Did, “your mother will throw a shit fit” compare at any level of equality with, “I don’t think either of us is ready for this?”

Neither of us knew anything about marriage, at least not happy ones. We were following a yellowed script we were handed.

Nothing more than that between us. Nothing that might help us avert twenty years of quiet sorrow, unhappiness, depression, anxiety, resentment, isolation, loose, muddled affairs, weariness. No love to guide us.

There were months of punishing silences. Punishing each other for wanting, expecting, to be loved. For not seeing a way out. Each of us stuck on an unsteady rock in a swift-running stream, and both afraid of the water. ‘Swim at your own risk’ signs all around.

We were unformed adolescents, dressed up to look like adults. We were wearing the thin-at-the-elbows, hand-me-down, itchy neuroses our parents had knitted for us.

We’d gotten it wrong. All wrong. We were no good together and too afraid to say it.

We were so much better apart. It just took so long, so worn down with so many bruises, to see that.

She died while I was out walking. I came back and everyone was quiet; eyes down. Holding one another.

And, as she lay, so recently alive, so recently herself, all that past came welling up in me. Unbidden. Unfettered.

And so, I cried.

For her. For her sadness before we split.

For me and the sadness I carried.

I had a new life, but still I cried for all that had been lost and for what had been done in the absence of love.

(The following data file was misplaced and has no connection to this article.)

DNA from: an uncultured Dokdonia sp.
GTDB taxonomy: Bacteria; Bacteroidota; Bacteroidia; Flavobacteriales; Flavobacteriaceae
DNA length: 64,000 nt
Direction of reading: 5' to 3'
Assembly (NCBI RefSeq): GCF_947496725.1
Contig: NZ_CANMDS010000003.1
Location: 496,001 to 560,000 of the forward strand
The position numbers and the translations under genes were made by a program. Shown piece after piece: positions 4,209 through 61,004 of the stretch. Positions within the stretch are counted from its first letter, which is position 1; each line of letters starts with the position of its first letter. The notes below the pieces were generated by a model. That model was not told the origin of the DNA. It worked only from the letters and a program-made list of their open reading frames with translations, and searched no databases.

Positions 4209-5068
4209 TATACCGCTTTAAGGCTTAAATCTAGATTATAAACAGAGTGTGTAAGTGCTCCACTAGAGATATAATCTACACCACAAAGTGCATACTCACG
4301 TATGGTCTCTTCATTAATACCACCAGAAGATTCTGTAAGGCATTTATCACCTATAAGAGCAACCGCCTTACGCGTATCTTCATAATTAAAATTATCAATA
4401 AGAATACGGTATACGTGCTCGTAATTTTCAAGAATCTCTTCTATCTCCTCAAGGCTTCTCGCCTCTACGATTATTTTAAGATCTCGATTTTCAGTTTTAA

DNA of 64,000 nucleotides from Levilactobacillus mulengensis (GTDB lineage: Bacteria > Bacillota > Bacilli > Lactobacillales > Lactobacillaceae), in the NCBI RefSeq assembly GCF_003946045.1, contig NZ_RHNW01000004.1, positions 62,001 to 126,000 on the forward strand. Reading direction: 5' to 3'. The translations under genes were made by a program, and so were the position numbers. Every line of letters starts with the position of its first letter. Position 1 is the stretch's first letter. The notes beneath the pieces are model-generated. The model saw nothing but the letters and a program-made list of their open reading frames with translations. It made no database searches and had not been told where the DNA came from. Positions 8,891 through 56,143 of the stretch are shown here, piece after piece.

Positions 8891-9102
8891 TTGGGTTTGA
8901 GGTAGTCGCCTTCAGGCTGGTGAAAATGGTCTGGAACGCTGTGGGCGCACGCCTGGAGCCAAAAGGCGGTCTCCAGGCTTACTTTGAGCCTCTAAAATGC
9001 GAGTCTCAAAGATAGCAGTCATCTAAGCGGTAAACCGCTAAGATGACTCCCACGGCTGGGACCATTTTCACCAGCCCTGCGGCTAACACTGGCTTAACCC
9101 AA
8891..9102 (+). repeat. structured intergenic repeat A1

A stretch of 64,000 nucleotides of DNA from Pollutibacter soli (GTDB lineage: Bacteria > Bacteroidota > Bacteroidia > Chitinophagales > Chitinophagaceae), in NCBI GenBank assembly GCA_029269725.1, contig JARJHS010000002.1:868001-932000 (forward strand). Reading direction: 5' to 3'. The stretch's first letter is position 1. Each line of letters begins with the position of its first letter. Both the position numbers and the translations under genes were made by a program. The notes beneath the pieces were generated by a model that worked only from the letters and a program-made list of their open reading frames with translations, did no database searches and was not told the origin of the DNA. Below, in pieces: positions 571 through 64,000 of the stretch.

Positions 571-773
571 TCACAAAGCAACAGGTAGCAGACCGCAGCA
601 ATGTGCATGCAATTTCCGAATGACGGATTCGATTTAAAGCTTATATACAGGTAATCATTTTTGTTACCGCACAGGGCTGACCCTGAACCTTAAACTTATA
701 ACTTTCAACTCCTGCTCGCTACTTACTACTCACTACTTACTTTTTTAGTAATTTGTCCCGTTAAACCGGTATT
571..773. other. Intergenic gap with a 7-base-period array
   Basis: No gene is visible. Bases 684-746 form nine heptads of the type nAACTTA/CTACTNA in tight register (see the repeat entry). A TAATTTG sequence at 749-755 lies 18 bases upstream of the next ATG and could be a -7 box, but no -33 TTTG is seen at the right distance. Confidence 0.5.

And too, for the long days of reading Donald E Westlake and Agatha Christie at the beach and , for cramming with her for exams, for eating no-guilt garlic and onion pizzas. For friendship. For doing what friends do and we had once done.

For not knowing how to say I’m sorry. For not knowing how to take off the clothes we had been given and been expected to wear when they neither suited who we were nor who we wanted to be.

Letter from Birmingham City Jail

Lester doesn’t write me anymore. He used to. Once a week. It’s been six months since the last one. I wait each day for a letter from him. I know better than to hope for one, but I do.

He writes well. He works at it. He puts his heart in it. His soul. Truly, his soul. He curates his words. Looks for the right one. Or, if needed, conjures one himself. So few of us feel we have the permission to make up words. He does that. I’ve never tried.

I love him.

I don’t know where he is.

We read Martin Luther King Jr.’s Letter from Birmingham City Jail together. All of us. Nine men. Eight of them black, one white. And me. I am a white woman. I teach writing. I work in correctional facilities. That’s where the work is. Rikers Island. Edgecombe. Queensboro. Mostly at Rikers.

In class one afternoon, soon after I started teaching there, he said, “What is a word, anyway? A representation, right? Only a sound. With a meaning you give to it. A meaning you get from it.”

Another man turned to him and said something I didn’t understand. And then he pretty much kept his mouth shut after that. I could see what life was like for him. Bruising.

The next day he wrote me a letter. I’d given them cards with my name and address so I wasn’t surprised that he wrote. He’s the only one who did. Of the nine men, he was the only one who wrote. It was a letter writing class.

He signed the letter, ‘Lester.’ He used the single quote marks. I wrote back.

After that, we wrote to each other once a week, even after the class ended.

None of the men were yet alive in 1963, when King wrote his letter. None of them had read it before. Some had heard about it, they said.